The true 'miracle of Dunkirk'
British leader J John salutes power of prayer during famous WWII battle
Dunkirk remains the most popular movie at Australian cinemas. Strong word of mouth and positive reviews have propelled the epic war drama, that imagines what it might have been like during a large-scale Allied evacuation during World War II.
But writer-director Christopher Nolan’s latest movie does not include at least one memorable aspect of the Dunkirk events. As pointed out by Canon J John, a well-known Christian commentator, the intense military rescue operation in 1940 involved a level of prayer that affected an entire nation. Not only is the amount of prayer notable, so too is the potential effect of it.
“The reality of what happened at Dunkirk is intriguing.” – J John
“Dunkirk is not simply a gripping story; it is also a thought-provoking one because even today the word ‘miracle’ hangs over it,” writes John, a British author, speaker and minister. “Nevertheless, even for the most sceptical, the reality of what happened at Dunkirk is intriguing.
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“If you don’t know the story, on 10th May 1940, Hitler unleashed a military onslaught on France and Belgium. Within days the British Army – outmanoeuvred and unprepared – along with soldiers of other Allied nations, found themselves with their backs to the sea and hemmed in by enemies. The German High Command was able to boast with confidence that its troops were ‘proceeding to annihilate the British Army’. That the total destruction of an entire army was imminent was a view shared by many in the military and political leadership of Britain. Prime Minister Winston Churchill found himself preparing to announce to the public an unprecedented military catastrophe involving the capture or death of a third of a million soldiers.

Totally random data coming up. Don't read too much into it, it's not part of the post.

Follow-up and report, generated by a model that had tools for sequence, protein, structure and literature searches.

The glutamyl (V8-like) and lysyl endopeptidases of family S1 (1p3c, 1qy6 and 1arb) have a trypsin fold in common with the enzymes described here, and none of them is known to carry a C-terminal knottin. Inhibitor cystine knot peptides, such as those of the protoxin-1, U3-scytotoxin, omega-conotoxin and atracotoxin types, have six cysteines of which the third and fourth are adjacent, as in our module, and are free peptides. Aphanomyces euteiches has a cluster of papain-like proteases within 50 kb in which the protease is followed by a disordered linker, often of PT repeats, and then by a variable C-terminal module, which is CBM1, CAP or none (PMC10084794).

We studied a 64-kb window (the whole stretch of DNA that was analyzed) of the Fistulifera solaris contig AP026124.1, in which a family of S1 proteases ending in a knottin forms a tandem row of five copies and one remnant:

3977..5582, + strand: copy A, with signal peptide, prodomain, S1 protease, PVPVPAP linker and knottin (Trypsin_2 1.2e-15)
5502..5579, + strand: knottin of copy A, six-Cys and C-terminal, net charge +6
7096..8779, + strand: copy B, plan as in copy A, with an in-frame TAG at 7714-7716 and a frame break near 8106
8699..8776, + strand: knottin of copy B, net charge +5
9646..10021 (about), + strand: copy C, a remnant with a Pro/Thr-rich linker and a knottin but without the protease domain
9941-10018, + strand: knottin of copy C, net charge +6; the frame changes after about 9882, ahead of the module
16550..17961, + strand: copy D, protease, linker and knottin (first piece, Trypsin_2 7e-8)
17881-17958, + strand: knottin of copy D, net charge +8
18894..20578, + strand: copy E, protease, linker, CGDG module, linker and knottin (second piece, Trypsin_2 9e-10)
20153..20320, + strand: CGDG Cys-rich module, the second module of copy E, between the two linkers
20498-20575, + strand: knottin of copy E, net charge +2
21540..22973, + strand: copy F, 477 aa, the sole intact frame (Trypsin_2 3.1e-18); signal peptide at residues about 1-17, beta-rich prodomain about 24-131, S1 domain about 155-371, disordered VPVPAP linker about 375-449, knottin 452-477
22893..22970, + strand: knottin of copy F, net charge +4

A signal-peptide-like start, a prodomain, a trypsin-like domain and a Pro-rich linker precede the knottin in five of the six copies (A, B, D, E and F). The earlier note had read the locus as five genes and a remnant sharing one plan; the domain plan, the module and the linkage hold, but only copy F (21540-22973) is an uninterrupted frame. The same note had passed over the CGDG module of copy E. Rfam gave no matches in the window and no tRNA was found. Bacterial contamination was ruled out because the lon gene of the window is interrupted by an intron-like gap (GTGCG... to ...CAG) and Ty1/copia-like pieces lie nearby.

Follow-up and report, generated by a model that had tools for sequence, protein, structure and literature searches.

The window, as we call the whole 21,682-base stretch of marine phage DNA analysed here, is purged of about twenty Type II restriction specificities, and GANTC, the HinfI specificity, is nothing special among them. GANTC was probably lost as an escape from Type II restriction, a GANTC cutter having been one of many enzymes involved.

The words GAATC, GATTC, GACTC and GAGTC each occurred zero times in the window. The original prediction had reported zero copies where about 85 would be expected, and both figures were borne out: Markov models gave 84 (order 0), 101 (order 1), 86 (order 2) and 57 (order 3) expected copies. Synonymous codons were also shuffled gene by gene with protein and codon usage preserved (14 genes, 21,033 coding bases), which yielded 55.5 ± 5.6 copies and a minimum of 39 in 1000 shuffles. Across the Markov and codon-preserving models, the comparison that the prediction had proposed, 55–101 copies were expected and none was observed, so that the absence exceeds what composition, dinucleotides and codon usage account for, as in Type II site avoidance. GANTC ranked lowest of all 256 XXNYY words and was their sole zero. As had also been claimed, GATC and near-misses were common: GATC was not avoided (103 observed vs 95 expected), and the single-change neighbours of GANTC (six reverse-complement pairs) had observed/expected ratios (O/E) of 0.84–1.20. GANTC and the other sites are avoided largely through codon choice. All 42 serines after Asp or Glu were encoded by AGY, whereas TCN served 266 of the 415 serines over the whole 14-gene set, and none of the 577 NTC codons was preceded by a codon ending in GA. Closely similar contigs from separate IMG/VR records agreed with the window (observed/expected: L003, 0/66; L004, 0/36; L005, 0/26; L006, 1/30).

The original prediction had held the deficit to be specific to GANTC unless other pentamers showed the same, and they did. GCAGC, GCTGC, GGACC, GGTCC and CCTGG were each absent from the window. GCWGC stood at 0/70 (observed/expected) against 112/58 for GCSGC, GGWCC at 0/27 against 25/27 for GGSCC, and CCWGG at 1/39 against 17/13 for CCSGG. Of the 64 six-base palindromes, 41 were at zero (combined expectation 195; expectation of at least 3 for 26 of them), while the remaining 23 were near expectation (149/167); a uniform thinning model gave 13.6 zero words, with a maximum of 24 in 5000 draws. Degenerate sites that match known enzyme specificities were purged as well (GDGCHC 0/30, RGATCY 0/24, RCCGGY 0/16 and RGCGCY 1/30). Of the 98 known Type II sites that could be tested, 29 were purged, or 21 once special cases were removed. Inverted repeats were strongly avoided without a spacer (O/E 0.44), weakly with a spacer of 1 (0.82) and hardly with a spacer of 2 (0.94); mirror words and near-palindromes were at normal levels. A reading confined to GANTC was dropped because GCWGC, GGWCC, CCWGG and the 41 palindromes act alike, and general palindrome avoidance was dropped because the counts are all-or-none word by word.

“On the Sunday, the nation devoted itself to prayer in an unprecedented way.” – J John
“But it didn’t happen. On 23rd May, King George VI requested that the following Sunday should be observed as a National Day of Prayer. Late on the Saturday evening the military decision was taken to evacuate as many as possible of the Allied forces. On the Sunday, the nation devoted itself to prayer in an unprecedented way. Eyewitnesses and photographs confirm overflowing congregations in places of worship across the land. Long queues formed outside cathedrals. The same day an urgent request went out for boats of all sizes and shapes to cross the English Channel to rescue the besieged army, a call ultimately answered by around 800 vessels.”
John also points out that before the National Day of Prayer, events surrounding Dunkirk seemed to conspire against an Allied defeat. Hitler had already told his troops not to advance further against the Allied forces, while weather conditions assisted the unusual yet successful strategy of sending English civilians in boats to rescue soldiers (as depicted on-screen in Dunkirk).
“I think Dunkirk stands as an extraordinary encouragement to pray in faith.” – J John
“Now you could argue it was all a coincidence, but I think not,” continues John about what to make of the Dunkirk events. “It certainly wasn’t considered so at the time. Sunday 9th June was declared a National Day of Thanksgiving and, encouraged by Churchill himself, the phrase ‘the miracle of Dunkirk’ began to circulate.
“We live in a world where people are not simply cautious about miracles but they prefer to rule them out entirely. In much of public culture it is an unchangeable and unbreakable rule of life that the miraculous cannot and does not occur. The view is that while we may pray, there is no one on the other end of the line. It’s curious how we have come a full circle: in the past, few dared argue with the religious faith that saw the hand of God everywhere; now few dare argue against the atheistic faith that sees God’s hand nowhere.
“The events of Dunkirk might make us want to reconsider the elimination of God as an actor from history and politics … Indeed I think Dunkirk stands as an extraordinary encouragement to pray in faith. However great our problems, God is greater than them all.”